Townsend on terror
Since the 9/11 attacks, counter-terrorism has defined the US security context, sometimes at the expense of civil liberties. Yet the growth of terrorism seems unabated, with the rise of extremist groups such as the Islamic State in Iraq and Syria (ISIS). On Thursday, Fran Townsend, former Homeland Security and Counterterrorism Adviser to President George W. Bush, shared her thoughts on Iran, ISIS and US strategy in the Middle East at the Center for Strategic and International Studies. The event was moderated by Nina Easton, Senior Associate at CSIS, Editor and Columnist at Fortune, and Chair of Most Powerful Women International.
ISIS vs. Al Qaeda
Just when the US started making significant dents in Al Qaeda’s operations, ISIS flooded the world with a series of alternative terror tactics. Townsend thought ISIS a far more dangerous enemy than Al Qaeda. The caliphate was a notional idea for Al Qaeda, but it is a real territorial idea for ISIS.
ISIS is attacking the “near enemy,” local populations and governments in the Middle East to take control of their lands, whereas Al Qaeda tried to mobilize its forces against the “far enemy,” the West. Al Qaeda fought a war of attrition in which it wanted to bleed out the West militarily and economically. ISIS is fighting a war of acceleration, in which its influence is quickly spreading across the Middle East. The group has already established itself in Afghanistan, Libya, Yemen and in parts of Saudi Arabia. Further expansion in Pakistan—which has nuclear weapons—can have devastating consequences.
Townsend also noted ISIS’s ability to attract women who are not only being convinced to marry a “martyr” to elevate their status but also to join the men as fighters.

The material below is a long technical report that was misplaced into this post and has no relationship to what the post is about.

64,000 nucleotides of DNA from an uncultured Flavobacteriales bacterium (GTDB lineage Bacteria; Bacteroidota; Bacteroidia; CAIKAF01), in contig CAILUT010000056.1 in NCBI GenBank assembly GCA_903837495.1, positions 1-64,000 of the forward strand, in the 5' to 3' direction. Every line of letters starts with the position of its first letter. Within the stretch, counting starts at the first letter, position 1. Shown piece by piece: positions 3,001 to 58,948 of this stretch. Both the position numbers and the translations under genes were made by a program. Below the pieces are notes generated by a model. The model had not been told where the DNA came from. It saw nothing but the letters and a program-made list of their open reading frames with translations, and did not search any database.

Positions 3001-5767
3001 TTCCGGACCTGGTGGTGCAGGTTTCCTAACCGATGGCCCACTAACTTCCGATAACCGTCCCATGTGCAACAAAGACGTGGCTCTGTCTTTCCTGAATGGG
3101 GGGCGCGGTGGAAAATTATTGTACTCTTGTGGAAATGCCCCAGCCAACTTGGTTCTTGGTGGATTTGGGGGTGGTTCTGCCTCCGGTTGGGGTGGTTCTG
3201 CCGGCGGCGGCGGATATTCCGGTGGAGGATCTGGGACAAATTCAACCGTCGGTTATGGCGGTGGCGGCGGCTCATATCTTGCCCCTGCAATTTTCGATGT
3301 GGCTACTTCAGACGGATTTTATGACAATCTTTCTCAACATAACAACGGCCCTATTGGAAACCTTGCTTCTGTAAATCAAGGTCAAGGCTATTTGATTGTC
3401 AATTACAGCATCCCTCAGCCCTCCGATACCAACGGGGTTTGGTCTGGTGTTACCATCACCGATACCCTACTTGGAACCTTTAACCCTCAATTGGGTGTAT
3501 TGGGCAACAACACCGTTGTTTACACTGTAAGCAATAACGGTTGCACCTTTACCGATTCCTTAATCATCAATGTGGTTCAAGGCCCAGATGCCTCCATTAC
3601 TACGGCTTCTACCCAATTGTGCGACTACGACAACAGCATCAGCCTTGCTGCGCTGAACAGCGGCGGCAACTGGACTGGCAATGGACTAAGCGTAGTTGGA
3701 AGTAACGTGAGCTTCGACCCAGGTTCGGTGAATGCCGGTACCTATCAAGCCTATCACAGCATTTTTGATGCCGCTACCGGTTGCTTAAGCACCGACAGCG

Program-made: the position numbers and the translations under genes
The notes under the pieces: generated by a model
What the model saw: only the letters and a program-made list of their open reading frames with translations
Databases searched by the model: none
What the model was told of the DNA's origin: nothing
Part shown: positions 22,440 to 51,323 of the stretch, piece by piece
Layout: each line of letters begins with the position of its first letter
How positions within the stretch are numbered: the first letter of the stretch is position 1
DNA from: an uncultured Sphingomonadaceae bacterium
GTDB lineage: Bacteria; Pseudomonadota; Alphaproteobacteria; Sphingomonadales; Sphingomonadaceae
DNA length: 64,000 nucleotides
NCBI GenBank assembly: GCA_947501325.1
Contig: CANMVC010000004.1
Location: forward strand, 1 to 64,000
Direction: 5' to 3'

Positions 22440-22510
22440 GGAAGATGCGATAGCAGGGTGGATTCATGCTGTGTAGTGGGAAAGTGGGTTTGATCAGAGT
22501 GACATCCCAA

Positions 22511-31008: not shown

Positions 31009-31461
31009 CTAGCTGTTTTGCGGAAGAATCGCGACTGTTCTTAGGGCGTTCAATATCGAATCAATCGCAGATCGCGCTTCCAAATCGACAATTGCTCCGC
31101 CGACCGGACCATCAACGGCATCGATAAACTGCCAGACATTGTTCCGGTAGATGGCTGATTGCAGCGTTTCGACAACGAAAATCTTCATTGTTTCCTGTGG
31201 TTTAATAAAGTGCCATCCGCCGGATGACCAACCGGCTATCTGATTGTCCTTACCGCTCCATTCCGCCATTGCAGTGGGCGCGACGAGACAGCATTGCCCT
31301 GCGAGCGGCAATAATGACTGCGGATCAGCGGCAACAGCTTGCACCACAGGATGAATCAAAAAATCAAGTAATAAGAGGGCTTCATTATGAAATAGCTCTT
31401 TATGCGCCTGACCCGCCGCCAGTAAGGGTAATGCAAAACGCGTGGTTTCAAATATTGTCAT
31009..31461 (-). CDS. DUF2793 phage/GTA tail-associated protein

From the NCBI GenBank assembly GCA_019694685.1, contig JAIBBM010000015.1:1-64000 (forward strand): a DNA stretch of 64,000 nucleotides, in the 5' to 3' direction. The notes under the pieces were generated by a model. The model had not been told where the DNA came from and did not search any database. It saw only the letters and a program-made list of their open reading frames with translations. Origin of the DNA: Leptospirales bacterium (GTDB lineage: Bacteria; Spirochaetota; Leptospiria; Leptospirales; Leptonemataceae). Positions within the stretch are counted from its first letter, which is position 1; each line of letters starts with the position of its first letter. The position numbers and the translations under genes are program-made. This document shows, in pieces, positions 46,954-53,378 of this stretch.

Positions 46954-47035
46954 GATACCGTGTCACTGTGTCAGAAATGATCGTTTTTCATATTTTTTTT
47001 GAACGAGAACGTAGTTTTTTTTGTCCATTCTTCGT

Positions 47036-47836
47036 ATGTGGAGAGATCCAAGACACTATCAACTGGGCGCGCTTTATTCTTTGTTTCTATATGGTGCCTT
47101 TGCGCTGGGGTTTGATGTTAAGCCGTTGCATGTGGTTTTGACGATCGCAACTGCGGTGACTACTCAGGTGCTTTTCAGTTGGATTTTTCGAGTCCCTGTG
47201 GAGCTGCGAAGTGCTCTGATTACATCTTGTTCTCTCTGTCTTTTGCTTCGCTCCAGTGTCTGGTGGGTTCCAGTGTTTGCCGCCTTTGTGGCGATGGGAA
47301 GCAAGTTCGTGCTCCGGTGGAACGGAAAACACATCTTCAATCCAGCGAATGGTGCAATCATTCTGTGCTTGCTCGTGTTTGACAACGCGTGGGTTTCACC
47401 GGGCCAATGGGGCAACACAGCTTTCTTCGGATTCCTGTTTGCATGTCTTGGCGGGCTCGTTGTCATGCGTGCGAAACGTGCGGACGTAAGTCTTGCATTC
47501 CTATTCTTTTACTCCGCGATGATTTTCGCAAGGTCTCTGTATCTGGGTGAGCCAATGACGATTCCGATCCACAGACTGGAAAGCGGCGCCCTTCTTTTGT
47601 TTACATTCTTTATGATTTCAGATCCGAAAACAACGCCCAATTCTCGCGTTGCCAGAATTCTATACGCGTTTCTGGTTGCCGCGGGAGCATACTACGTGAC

Counterterrorism Efforts Against ISIS
Townsend explained that in order to deny ISIS its battle space, the US must carry out a two-pronged solution on the cyber and military fronts. In cyberspace, the US government must withhold speeches and videos that further ISIS’s agenda. Townsend specifically referred to the beheading videos, which she thought should not be protected by the First Amendment. She also said yberspace must be filled with a counternarrative, government funded but not controlled.
For the military effort, Townsend urged the US to send advisers and trainers to help Arab allies with intelligence and logistics. Originally there were complaints that the US was fighting the War on Terror alone with other countries providing funding and intelligence support, but lacking military commitment. Now, Saudi Arabia, the United Arab Emirates and Bahrain are showing unprecedented military commitment, but they cannot be successful without American support.
Failure of Phase IV Operations
Townsend attributed the breeding grounds for violent extremism to the failure of Phase IV operations. These operations are designed to follow military efforts and help build civilian institutions. After the fall of Gaddafi in Libya, it was clear the Libyan government had trouble getting back on its feet, but the US failed to provide much-needed security assistance, training and support as well as institution-building for political parties. Syria has also faced a similar situation. The lack of civilian institutional structure in these countries has precipitated the largest refugee crisis since World War II, which in turn has become the recruiting pool for Al Qaeda and ISIS for coming generations. According to Townsend, our children will fight the next wave of terror against children “who have watched their parents slaughtered, mothers abused sexually and otherwise.”
Regarding the pending Iran nuclear deal with the P5+1 countries, Townsend is pessimistic that it is possible to cut a good deal. She believes the negotiations started with the premise that the US would deny Iran nuclear weapons capabilities, but the Administration has slowly backed itself into discussing how large Iran’s nuclear capabilities will be.
Townsend emphasized that the Obama administration needs to do a better job of explaining the difference between an agreement and a treaty to Congress, which has the right to review the deal and veto it. She also called on the Administration to support the democratic movement in Iran as it has in Egypt. She has already engaged in a bipartisan effort to communicate with the National Council of Resistance in Iran, which believes in democratic principles, freedom of press and religion, and advancing women’s rights.